10 examples of Australia & New Zealand national identity
Forget about the kilt that makes its appearance at various civic functions and the annual Christmas parade. I won’t tell anyone but it is definitely not ANZAC, it actually belongs to Scotland and Ireland. If we can’t claim the kilt and have no recourse to dinky dirndl skirts with garters for the men to hold up their trousers. What is left. Australia and New Zealand, ANZAC have a defined cultural identity in clothing, it’s not obvious to visitors as they probably think we are scruffy. Casual board shorts, polynesian flower power and black is the new cool are part of our emerging, emerged clothing ID.
The answer lies in the ubiquitous tourist shops that littered the international airport terminals and major visitor centres. The clue is the beach. Have you been to the beach yet in Australia? Aussie clothing culture has a beach feel about it. Beach identities are baggy board shorts to lounge about the beach looking nonchalant. Sunnies [translation sunglasses] and jandals, preferably with the thong of one jandal in danger of breaking. Worn down jandals are necessary as it proves you’ve got the beach vibe nailed. For the serious stuff like actually swimming, surfing, kayaking you’ve got underneath the boardies heavy duty swim layers. Naturally it is influenced by the weather.
Who said identity is tied up in just clothes, Accessories? An esky (chilly bin) with water, sunscreen, mossie repellent as well as a great place to store the mobile as well. And you don’t really need to worry too much about social distancing as we have beaches galore in both Australia and Aotearoa NZ. There are oodles of space for the beach shade umbrellas, eskies, boards, and whatever you haul to the beach. Forget photos of Bondi, honestly that’s not the only beach in Australia and remember not everyone in Australia lives in Manly or Bondi.
Aotearoa NZ beach identity is Lyra. New Zealand identity is really about not freezing your butt off. Our beaches and water temperature can be a test of endurance. Wetsuits are the norm even in the warmer summer months. Check the line of black lycra under the baggies. Cool polynesia design with practical lycra underneath is the model of the day for a kiwi beach experience.
Culture: Swanndri clothing
Swanndri, I forgot to mention New Zealand’s national identity is wrapped in a Swanndri. And have you looked at a Swanndri shirt? We are talking of semi-felted wool with a chirpy tartan design (perhaps it’s South Island bitter winters influence here) as a national ID thing going on. Kiwi felted clothing has great moisture repelling properties and while it might get a bit a wifi it does the job. Your pet can be accessorised with a nifty swanndri coat complete with leather side pockets. Head to toe kiwi clothing is practical. You certainly do not have a problem with a breeze blowing your kilt the wrong way as you are weighted down with copious amounts of felted wool.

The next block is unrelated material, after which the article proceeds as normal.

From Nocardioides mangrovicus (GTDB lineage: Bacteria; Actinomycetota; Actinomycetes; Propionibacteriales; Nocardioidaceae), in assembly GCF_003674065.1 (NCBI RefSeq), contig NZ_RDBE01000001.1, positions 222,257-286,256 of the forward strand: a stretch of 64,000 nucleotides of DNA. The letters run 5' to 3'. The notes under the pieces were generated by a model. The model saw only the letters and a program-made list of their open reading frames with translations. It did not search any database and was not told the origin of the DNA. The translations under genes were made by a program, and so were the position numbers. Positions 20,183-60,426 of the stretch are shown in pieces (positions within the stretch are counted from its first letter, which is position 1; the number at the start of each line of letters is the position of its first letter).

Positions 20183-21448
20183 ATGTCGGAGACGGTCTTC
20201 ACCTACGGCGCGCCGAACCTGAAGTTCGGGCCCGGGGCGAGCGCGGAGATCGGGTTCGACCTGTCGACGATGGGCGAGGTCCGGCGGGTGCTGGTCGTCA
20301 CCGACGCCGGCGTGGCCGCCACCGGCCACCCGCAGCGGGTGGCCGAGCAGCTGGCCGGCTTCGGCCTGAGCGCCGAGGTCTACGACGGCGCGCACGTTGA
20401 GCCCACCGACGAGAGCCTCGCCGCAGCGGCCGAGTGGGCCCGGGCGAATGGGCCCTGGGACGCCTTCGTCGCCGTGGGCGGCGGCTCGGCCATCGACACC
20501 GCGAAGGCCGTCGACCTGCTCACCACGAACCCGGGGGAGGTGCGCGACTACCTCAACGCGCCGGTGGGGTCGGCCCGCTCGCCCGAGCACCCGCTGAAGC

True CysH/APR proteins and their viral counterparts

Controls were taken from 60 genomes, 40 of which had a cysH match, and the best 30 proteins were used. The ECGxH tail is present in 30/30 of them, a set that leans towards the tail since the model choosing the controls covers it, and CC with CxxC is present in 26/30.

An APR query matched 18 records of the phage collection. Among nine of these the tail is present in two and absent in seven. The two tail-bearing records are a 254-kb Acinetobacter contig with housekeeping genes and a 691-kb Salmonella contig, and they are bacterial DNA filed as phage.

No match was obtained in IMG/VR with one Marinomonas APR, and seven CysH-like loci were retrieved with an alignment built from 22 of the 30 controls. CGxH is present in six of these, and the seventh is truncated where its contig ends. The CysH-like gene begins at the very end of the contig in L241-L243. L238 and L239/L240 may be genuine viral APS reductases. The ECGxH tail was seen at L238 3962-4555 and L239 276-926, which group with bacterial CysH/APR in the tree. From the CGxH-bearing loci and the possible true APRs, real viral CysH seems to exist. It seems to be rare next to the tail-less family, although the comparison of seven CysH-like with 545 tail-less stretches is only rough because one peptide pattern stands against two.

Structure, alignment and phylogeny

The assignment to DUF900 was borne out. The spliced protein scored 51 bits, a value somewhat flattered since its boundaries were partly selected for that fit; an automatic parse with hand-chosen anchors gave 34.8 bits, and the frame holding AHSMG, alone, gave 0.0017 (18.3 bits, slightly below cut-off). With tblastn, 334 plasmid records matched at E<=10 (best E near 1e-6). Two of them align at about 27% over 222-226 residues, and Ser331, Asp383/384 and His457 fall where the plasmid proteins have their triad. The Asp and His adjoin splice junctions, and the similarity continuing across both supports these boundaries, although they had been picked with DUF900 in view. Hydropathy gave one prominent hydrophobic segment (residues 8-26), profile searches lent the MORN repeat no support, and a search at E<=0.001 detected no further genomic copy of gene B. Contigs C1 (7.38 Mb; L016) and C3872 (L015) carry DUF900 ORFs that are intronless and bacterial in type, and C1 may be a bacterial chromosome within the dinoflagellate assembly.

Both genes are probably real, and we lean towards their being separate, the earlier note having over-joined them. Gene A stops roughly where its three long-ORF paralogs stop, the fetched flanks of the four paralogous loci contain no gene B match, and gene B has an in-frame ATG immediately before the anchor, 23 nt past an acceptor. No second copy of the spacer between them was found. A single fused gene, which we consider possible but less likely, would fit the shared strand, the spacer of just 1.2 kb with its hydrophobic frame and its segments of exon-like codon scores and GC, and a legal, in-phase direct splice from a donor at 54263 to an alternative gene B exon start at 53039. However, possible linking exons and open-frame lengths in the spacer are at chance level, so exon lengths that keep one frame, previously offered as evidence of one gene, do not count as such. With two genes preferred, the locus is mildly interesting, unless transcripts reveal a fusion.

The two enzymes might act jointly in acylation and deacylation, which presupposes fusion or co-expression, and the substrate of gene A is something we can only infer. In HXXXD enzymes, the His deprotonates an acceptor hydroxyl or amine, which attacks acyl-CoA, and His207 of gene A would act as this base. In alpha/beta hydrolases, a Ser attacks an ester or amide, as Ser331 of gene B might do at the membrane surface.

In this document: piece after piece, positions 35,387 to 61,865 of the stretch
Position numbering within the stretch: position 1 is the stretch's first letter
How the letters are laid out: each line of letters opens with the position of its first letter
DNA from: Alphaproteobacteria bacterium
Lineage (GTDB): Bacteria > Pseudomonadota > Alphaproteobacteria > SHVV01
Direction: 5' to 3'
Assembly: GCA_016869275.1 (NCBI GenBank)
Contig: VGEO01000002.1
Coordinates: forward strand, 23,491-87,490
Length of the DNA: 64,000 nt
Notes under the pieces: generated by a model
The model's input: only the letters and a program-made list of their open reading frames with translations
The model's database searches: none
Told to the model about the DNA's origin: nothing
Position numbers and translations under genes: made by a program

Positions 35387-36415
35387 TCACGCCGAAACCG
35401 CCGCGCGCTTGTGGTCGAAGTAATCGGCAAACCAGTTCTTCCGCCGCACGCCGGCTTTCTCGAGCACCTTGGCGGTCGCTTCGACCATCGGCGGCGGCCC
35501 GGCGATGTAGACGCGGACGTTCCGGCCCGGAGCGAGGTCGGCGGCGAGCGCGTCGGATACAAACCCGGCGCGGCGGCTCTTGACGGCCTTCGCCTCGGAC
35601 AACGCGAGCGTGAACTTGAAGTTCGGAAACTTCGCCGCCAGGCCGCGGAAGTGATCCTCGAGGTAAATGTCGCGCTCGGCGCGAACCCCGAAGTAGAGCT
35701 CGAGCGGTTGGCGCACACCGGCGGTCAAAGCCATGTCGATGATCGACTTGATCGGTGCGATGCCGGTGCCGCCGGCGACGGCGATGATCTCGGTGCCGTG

Culture: ANZAC Jandals
Jandals are the core ANZAC clothing identity. Flip flops or thongs (although that does not refer to underwear). ANZAC kiwi’s have a love affair with rubber jandals, yes they look great with a Swanndri, as in summer you don’t wear shoes at all around your neighbourhood. Jandals are winter wear.
Culture: Flower power kiwis
Pacifica flower power is a new favourite colour accessories identity, especially in Auckland. It is fabulous as it brings the warmth of the Pacific holiday to New Zealand, plus the spirit of Polynesian seafaring.
Culture: Colour coded kiwis
Kiwis are laid back bringing the beach to the urban, suburban street where it’s cool to be casual. Kiwis have casual redefined as loose, Pacific colour, glorious flower power is a perennial favourite and the austere greys, browns and black of our local powerhouse ID Maori design with its geocentric swirls.
Culture: Black is the new cool
Is NZ monochrome and dull, of course not, black is the new cool, black is bright, it’s natural in the lush scenery of bush and forest. It’s part of Maori cultural ID which kiwis embrace with interpretations of the new black. Plus Aboriginal cultural colours are glorious hues of the desert, burnt ochre, blacks, whites and sand. New Zealand even labels it’s everything with the word black, sports teams, motorcycle gangs, biscuits,
Culture: Australia dress code
Is Australia too brash, too casual in its dress style? Definitely not, Aussies are teaching the world how to be relaxed and chilled. Aussies solemn and serious doesn’t mean a suit and tie. If a prime minister can be interviewed in his lycra bike shorts it is anything goes.
Culture: where to hang out
Get all your new gear and ready to dress in style. Where else to go but hang out at a beach and revel in the neighbourhood, you are invited to the party Aussie style. And if you listen carefully you will hear some kiwi accents in the background. Remember to stock the Esky with drinks and vegemite sandwiches, snacks (sausages for the Barbie BBQ), lamingtons for the kids, and a pavlova for ANZAC bonding.